Australia: Branding bands: why trade marking is crucial to commercial success in the music and entertainment industry

Last Updated: 5 January 2011
Article by Catherine Logan

This article was first published in the October 2010 edition of the Lexis Nexis Australian Intellectual Property Law Bulletin.

The original Material Girl has a big problem: when her daughter Lourdes decided that her future lay in fashion, not entertainment, and just two weeks after Madonna launched a global fashion label using her old nickname, she found herself on the wrong end of a lawsuit.

A Californian clothing company, LA Triumph, that had registered the trade mark "Material Girl" in the US and had been using it for several years, has filed in the California Central District Court claiming that it has been using the name since 1997.1

Madonna has been known as the Material Girl for 25 years – who could forget her father marching her offstage as she threw money to the audience during her 1985 Virgin Tour?

She is sufficiently famous that she would be able to trade mark her own name in relation to a wide variety of goods and services worldwide.2 Tiger Woods, Andre Rieu and Kylie Minogue are some celebrities that have done just that.3

Why wouldn't Madonna's people have registered her nickname as well? The same goes for any well known catch-phrases and song titles of her songs that may have commercial value as brand names.

File sharing is proving to be the waterloo of the entertainment industry. A form of piracy, it has decimated the earnings of artists and record companies, and threatens to do the same for providers of video content like movie studios.

In the new environment other revenue streams need to be considered and exploited. The cult of celebrity provides a ready made business opportunity. At the John Butler Trio concert at the Hordern Pavilion in Sydney on 3 September, staff were doing a roaring trade in branded t-shirts. Tickets to this sell out concert were good value, but people will pay a lot more for good tickets to good shows.

The name of a band or a stage name is no doubt a trading name and a potential registered trade mark. They may also need to be registered as business names depending on the business names registration requirements in the relevant jurisdictions.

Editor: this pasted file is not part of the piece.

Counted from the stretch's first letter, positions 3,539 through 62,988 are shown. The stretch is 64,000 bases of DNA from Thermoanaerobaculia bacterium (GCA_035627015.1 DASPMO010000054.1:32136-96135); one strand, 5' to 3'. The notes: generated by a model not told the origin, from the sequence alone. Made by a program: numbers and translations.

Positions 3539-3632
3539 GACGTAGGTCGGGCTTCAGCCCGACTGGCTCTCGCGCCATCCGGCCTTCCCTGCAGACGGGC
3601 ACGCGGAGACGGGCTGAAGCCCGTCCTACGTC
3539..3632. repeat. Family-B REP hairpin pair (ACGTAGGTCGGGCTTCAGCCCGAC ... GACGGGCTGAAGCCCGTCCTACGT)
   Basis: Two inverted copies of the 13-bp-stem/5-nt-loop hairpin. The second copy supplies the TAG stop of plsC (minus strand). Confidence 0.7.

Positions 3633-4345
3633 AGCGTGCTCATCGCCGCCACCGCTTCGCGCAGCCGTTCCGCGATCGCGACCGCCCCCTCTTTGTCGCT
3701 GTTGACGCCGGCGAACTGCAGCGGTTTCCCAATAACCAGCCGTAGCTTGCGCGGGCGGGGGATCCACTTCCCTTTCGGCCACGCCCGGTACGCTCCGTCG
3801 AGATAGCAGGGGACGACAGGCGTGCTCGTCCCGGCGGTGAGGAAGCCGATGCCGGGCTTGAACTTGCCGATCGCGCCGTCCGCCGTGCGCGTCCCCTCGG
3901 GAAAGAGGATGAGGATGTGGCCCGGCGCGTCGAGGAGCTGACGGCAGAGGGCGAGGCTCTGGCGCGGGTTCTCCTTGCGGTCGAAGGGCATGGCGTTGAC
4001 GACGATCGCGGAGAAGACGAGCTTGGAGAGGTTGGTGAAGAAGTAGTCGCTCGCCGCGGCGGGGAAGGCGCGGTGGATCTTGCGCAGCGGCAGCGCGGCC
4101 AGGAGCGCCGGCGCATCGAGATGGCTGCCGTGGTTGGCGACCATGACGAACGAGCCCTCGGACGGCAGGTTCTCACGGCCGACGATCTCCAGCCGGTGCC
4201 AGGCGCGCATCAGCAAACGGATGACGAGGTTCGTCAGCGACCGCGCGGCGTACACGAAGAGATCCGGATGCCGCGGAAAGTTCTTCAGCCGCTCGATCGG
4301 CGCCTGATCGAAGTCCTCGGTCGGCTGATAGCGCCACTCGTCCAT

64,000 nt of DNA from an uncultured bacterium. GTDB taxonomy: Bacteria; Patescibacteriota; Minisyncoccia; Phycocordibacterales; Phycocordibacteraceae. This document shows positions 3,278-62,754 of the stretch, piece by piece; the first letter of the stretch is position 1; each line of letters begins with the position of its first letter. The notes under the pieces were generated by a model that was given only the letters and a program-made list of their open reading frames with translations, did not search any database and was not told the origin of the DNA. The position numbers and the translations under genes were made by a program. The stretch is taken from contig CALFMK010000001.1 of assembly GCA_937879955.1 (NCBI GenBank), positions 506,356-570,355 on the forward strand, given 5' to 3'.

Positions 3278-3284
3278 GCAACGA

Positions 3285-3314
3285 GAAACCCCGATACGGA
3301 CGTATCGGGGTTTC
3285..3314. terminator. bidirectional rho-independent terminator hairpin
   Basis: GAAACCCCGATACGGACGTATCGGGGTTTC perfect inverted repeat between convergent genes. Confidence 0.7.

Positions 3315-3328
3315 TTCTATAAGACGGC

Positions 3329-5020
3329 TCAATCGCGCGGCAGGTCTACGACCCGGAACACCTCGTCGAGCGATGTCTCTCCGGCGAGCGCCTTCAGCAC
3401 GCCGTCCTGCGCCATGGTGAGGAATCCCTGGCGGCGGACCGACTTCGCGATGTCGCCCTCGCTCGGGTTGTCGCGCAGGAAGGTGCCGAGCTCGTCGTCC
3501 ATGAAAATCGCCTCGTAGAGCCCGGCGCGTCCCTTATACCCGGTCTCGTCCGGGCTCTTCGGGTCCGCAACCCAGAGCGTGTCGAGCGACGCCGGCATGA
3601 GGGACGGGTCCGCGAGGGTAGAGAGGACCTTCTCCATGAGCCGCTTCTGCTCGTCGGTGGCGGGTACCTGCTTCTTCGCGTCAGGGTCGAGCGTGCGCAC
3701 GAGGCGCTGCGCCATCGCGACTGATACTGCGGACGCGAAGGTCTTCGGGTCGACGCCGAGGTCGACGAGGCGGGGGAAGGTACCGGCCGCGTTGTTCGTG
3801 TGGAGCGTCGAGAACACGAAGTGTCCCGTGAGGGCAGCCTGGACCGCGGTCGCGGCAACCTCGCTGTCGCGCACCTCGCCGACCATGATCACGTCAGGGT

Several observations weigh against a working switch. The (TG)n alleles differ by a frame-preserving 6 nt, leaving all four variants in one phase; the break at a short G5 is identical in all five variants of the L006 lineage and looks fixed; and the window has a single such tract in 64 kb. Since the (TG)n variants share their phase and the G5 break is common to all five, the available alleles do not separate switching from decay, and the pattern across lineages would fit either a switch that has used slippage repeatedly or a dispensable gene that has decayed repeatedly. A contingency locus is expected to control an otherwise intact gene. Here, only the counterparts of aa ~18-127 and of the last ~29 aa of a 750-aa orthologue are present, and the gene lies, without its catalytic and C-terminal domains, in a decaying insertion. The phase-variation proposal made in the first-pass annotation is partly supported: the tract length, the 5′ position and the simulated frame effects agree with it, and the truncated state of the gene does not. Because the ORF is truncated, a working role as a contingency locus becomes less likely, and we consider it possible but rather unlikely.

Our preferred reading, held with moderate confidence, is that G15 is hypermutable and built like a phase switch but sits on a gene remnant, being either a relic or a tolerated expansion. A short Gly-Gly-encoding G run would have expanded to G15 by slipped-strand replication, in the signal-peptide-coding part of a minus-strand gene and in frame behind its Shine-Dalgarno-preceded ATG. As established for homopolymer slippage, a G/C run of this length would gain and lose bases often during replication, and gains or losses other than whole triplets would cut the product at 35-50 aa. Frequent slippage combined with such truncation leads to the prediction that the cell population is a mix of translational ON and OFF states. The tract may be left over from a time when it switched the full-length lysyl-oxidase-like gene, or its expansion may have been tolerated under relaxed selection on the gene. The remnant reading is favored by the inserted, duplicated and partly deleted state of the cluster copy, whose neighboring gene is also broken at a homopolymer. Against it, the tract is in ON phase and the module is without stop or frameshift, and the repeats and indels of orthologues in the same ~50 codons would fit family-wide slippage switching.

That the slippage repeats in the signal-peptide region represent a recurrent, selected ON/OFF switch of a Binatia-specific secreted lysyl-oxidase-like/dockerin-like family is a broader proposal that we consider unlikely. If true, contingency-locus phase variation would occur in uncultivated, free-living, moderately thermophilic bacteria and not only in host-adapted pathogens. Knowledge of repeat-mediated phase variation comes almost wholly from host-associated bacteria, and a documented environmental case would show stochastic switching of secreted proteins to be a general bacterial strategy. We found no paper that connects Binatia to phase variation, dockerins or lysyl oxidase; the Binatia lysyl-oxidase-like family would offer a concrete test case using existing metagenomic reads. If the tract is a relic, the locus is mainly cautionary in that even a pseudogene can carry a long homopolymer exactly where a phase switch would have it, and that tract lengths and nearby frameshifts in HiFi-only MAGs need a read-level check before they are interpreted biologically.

Mr Butler has for the past several years had the words "John Butler Trio" registered4 for entertainment, recorded music, paper goods, clothing, footwear and headgear. He should be advising his wife, who plays under the name "Mama Kin".

"Mama Kin" is the name of an Aerosmith song and a music club in Boston in which the band has a stake. There is no current trade mark registration for this name in Australia and Mrs Butler would be well advised to move quickly to apply for it as it may be that Aerosmith take a dim view of her "trading" name if she ever becomes well known enough to come to their attention.

The excellent Melbourne urban roots band Blue King Brown that opened for John Butler Trio have been around since at least 2005, but neither do they appear to have applied to register their name as a trade mark in Australia. It's something their management should be on to.

In the same way, names of songs can become valuable as trade marks – "Material Girl" being one of the most prominent examples. The Red Hot Chilli Peppers took exception to Showtime calling their new drama "Californication" a few years ago, but Showtime had applied for the trade mark – the creators unfortunately had not. Consequently the TV show Californication is still with us, with Series 4 currently in production.

Some old dogs have learnt these new tricks – David Bowie trade marked his stage name and album name "Ziggy Star-dust" back in 1998.5

Song titles will not be protected by copyright,6 so again trade mark registration would seem to be the answer.

While we are at it, what about the sting of a song riff as a "sound" mark? Harley Davidson were unsuccessful in trade marking the sound of their Hog's engines, but the MGM Lion's roar is trade marked, as is the Intel Pentium processor's inane "ding dong" sting – surely not a work of great musical genius, but of undoubted commercial value.

My all time favourite sound mark is the quacking sound made by the patrons of amphibious vehicle city tours with plastic quackers handed out to them as they get on the bus. If this awful noise can be trade marked, what opportunities must lie in the truly creative compositions of our great musicians?

Now that the days of selling records appear to be over, bands and other entertainers need to think more creatively in a business sense as to how to turn their craft into a buck. They and their managers cannot afford to ignore the valuable commercial property that is their band or stage name, song titles and famous lyrics and riffs.

1 The filing of this suit was reported on 20 August 2010 by Reuters at;jsessionid=ADB2EBAA5CE9E015F3A6454 3CD994D9C?id=173091&hitlist=%2Fa24%2FresultDetailed.jsp%3Ftopic%3D1903%26sortBy%3Drelease_sort%26reverse%3Dtrue%26start%3D0%26id%3 D173091.

2 See Logan C, "What's in a name: Branding using given names and surnames" (2008) 20(8) ILPB 118.

3 See Logan C, "Fair trading in fashionable names: What to do if your name is famous but you are not (yet)" (2009) 22(6) ILPB 114.

4 Trade mark registered numbers 913898 and 1089588.

5 Trade mark registered number 777238.

6 See Janus E, "Entitled to protection? Names of creative works as trade marks in Australia" (2009) 22(5) ILPB 74.

The content of this article is intended to provide a general guide to the subject matter. Specialist advice should be sought about your specific circumstances.

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Catherine Logan
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